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Firefox 1.5 was released on 29 November. If you want to know more about Firefox, try this link for starters. It's not only perhaps the fastest browser by far for OS X, but it's spittle in the eye of Bill Gates, and that in itself should make it immensely attractive.
Firefox is a platform independent web browser. That means that there are going to be certain limitations. It will not integrate with the rest of your system, for example. And certain elements of the GUI will appear strange.
And making a slight detour, perhaps a few things can be pointed out to the developers, if they be so kind as to lend a brief ear.
- Your FE code is going to be hooked by your kernel code. This is the essence of your 'platform independence'. But if possible please reconsider use of NIBs: not only do they provide additional functionality which your products currently lack, but they make program launches faster, and aside from things like Adobe CS, Firefox is about the slowest launching app on the OS X platform - miles slower than Safari, for example.
- If you can't use NIBs, then remember that it takes a lot more code to create and initialise windows properly. You have to manually (programmatically) set the minimum and maximum height and width; you have to get rid of those toolbar lozenges you have on title bars to windows with no toolbars; and so forth. Above and beyond all that, your windows and their components have to adjust intelligently to resizing. At present they do not. All this would be done for you by Interface Builder; if you want to manage that on your own, may the gods help you. IB does it for free, so think twice about eschewing NIBs.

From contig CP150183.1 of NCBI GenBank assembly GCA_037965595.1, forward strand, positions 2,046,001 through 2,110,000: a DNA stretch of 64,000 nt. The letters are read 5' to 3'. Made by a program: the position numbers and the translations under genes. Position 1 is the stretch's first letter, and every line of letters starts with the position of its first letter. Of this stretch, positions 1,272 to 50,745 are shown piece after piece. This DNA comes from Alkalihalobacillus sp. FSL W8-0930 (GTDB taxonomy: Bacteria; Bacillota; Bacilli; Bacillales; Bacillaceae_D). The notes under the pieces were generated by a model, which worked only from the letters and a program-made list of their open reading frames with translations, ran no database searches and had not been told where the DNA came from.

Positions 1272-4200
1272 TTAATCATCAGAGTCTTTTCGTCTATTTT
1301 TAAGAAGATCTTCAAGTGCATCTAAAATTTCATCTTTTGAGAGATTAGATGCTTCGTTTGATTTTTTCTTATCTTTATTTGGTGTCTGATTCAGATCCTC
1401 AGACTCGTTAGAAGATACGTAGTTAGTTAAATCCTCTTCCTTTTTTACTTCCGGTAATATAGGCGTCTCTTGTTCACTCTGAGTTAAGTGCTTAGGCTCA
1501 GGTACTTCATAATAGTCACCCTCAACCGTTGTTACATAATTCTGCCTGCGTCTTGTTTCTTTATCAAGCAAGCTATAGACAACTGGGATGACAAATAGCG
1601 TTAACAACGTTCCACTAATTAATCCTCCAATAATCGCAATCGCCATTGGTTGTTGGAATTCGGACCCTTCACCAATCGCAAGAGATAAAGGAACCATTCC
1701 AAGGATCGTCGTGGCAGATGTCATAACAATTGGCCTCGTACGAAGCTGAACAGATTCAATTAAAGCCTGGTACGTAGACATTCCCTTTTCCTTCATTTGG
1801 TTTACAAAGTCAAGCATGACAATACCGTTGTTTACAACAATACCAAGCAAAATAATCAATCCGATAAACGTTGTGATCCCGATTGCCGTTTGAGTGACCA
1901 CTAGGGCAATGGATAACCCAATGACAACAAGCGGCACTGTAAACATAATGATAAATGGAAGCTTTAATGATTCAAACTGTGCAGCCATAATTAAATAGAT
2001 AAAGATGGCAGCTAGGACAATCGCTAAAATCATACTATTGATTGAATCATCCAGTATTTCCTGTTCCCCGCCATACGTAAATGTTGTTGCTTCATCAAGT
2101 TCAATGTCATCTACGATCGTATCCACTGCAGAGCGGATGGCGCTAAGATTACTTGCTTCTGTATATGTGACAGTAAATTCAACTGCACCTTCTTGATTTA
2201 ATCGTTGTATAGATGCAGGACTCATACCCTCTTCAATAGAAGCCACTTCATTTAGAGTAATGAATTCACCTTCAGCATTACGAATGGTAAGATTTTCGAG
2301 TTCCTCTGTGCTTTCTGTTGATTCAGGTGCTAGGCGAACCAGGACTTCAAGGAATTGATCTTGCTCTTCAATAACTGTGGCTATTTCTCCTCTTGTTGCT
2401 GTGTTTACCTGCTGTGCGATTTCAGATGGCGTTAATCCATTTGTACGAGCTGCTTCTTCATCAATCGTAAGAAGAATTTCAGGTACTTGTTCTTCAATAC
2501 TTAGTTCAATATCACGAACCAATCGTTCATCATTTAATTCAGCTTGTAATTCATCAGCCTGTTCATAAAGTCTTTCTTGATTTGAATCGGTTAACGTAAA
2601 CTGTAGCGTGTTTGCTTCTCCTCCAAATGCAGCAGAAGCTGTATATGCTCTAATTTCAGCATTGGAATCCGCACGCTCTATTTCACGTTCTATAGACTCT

- Sheets are cool, but they belong in an object oriented environment, and most of the work you've done is for Windoze and the Linux GUIs which shamelessly ape Windoze - and that's not even close to object oriented. (Some might say it was destruction oriented.) Sheets are document modal windows - they pertain only to a single document window (something you can't have with Windoze, GNOME, or KDE) and should (and can) only be used in that context.
You do not use sheets for preferences or your about box or anything like that - no matter how much you're fascinated by them!
But the perks: Firefox has a number of interesting extensions and plugins which really go a long way. As many an Apple user admits, Safari looks better, but under many common conditions it's just not an alternative because it doesn't offer the opportunities Firefox does.
- A plugin which stops the browser from loading ads - not a popup blocker (you get that anyway) but a plugin which saves your backwater bandwidth and stops Firefox from loading any ads at all. And it's configurable.
- Optimisers for extremely fat pipes. Reconfigures your connection to get the best possible buffer sizes, etc.
Over 100,000,000 downloads. Spittle in the eye of the brat from Redmond. A good cause and an honest product. Support them: at the very least give their love child a try-out.